Not Everything Should Go

We are often confronted with the mandate of youth, and the conundrum of wisdom in the matter of — “Everything Goes!” — and I stand here to humbly submit that not everything must go. Sometimes, we need prescience and determination to realize the lack of self-restraint and that an untrained, unsavory, following can become profound enough to dangerously dismiss the best of us.

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The Necessity of Expressionism in a Modern World

Das Cabinet des Dr. Caligari — “The Cabinet of Dr. Caligari” — is a silent 1920 German Gothic movie that set the new standard for terror in a darkened theatre, and that movie also epitomizes the artistic ideal of “Expressionism” that took populist hold in Germany after World War I.

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Excoriating Naturalism and Realism

There is nothing worse in the Art World than Realism and Naturalism.  What good is an original painting that — “looks just like the photograph!” — when the duty of the Artist is to transform reality and bend understanding in new, and perhaps, unwanted and unheralded directions?  No talent is needed for mimicry or absolute imitation.

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Authenticity Over Gimmickry

It may seem curious to argue for authenticity in an aesthetic arena created on falsity, fantasy and the imperiled facade — but we all must strive for the authentic over the gimmick as we dare to present the world on stage.

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Acute Naturalism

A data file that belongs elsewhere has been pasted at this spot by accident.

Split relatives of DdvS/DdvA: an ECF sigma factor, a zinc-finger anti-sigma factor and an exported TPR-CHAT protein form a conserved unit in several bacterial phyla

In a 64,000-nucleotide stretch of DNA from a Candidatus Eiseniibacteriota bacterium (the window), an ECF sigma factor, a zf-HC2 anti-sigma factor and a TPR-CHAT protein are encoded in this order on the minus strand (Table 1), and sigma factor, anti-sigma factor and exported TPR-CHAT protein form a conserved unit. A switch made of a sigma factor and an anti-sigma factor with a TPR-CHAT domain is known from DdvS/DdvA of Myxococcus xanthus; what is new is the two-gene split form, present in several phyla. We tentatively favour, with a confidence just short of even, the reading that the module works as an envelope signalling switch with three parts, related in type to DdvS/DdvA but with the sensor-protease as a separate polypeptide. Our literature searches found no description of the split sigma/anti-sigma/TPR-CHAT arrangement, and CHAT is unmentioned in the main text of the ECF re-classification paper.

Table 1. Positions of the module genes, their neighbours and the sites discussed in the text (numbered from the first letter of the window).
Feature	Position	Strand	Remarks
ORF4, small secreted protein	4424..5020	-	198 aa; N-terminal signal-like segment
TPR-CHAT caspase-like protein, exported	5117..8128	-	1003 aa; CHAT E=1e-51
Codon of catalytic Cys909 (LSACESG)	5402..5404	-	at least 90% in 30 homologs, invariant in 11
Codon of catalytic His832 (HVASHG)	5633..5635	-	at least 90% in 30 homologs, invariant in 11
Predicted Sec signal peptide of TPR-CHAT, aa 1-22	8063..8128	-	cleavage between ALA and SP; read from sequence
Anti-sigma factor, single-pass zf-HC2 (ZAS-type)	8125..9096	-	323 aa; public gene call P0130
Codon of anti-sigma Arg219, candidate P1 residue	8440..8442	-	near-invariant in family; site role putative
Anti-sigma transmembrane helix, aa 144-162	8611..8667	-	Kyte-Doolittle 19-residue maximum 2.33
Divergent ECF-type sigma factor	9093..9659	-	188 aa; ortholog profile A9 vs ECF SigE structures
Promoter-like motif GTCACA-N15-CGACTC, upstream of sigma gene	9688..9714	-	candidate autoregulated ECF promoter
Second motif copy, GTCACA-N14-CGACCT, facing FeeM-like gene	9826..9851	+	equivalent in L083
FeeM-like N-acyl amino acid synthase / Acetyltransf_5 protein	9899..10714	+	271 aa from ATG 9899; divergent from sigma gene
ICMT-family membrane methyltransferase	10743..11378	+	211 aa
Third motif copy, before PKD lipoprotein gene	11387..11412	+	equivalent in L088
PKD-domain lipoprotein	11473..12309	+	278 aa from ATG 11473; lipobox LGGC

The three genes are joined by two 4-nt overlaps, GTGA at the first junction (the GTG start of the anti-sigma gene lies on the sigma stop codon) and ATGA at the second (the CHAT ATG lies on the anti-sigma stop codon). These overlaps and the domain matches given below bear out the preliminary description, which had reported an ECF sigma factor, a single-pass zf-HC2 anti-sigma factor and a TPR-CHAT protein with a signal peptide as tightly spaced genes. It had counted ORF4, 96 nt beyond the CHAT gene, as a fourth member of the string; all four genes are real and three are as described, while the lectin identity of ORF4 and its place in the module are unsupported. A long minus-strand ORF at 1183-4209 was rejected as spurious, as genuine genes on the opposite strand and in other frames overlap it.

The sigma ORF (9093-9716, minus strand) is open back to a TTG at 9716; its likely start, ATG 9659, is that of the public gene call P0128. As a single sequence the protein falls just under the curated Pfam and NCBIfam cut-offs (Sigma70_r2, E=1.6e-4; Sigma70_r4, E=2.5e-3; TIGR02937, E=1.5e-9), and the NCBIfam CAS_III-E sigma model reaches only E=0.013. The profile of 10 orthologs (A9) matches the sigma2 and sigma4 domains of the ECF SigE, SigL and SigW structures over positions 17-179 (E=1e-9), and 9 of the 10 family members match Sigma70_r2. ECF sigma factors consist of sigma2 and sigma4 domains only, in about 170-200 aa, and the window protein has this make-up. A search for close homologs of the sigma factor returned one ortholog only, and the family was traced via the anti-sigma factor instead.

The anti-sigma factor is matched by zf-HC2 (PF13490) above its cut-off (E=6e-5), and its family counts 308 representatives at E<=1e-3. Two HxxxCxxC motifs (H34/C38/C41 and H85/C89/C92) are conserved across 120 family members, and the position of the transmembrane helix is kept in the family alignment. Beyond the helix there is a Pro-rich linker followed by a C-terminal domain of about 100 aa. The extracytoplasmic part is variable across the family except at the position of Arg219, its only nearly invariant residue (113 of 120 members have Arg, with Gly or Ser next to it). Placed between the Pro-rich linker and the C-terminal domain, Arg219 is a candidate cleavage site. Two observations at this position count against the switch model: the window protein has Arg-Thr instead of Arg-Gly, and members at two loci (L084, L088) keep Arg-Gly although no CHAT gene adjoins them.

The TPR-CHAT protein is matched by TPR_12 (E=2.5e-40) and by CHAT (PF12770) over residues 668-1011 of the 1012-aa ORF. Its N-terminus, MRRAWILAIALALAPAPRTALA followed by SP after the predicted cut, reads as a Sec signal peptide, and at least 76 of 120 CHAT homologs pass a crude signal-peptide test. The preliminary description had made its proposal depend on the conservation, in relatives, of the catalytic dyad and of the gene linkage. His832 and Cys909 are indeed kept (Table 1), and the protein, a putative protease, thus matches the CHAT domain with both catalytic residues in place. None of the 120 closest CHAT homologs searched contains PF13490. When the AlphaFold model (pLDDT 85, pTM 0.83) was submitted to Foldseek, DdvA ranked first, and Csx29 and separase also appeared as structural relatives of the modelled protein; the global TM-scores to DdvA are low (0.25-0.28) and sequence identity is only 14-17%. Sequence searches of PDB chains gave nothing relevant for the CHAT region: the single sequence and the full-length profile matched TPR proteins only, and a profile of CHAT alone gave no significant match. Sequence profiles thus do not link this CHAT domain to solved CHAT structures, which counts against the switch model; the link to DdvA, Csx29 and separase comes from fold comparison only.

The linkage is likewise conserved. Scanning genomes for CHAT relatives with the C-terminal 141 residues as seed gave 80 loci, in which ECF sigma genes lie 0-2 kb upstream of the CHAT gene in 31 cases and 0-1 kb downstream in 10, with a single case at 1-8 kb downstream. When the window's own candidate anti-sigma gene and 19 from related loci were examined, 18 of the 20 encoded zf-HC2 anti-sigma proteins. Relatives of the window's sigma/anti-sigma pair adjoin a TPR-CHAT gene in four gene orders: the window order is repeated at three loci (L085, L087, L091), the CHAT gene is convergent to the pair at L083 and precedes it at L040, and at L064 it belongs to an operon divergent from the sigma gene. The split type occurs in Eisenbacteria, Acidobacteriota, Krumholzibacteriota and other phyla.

Milton Glaser has some fascinating thoughts:

I think this idea first occurred to me when I was looking at a marvelous etching of a bull by Picasso. It was an illustration for a story by Balzac called The Hidden Masterpiece. I am sure that you all know it. It is a bull that is expressed in 12 different styles going from very naturalistic version of a bull to an absolutely reductive single line abstraction and everything else along the way.

What is clear just from looking at this single print is that style is irrelevant. In every one of these cases, from extreme abstraction to acute naturalism they are extraordinary regardless of the style. It’s absurd to be loyal to a style. It does not deserve your loyalty. I must say that for old design professionals it is a problem because the field is driven by economic consideration more than anything else.

Style change is usually linked to economic factors, as all of you know who have read Marx. Also fatigue occurs when people see too much of the same thing too often. So every ten years or so there is a stylistic shift and things are made to look different.

I also find truth in what Milton Glaser said about lying:

Lies erode your ability to act. Ultimately the lie is an instrument of power.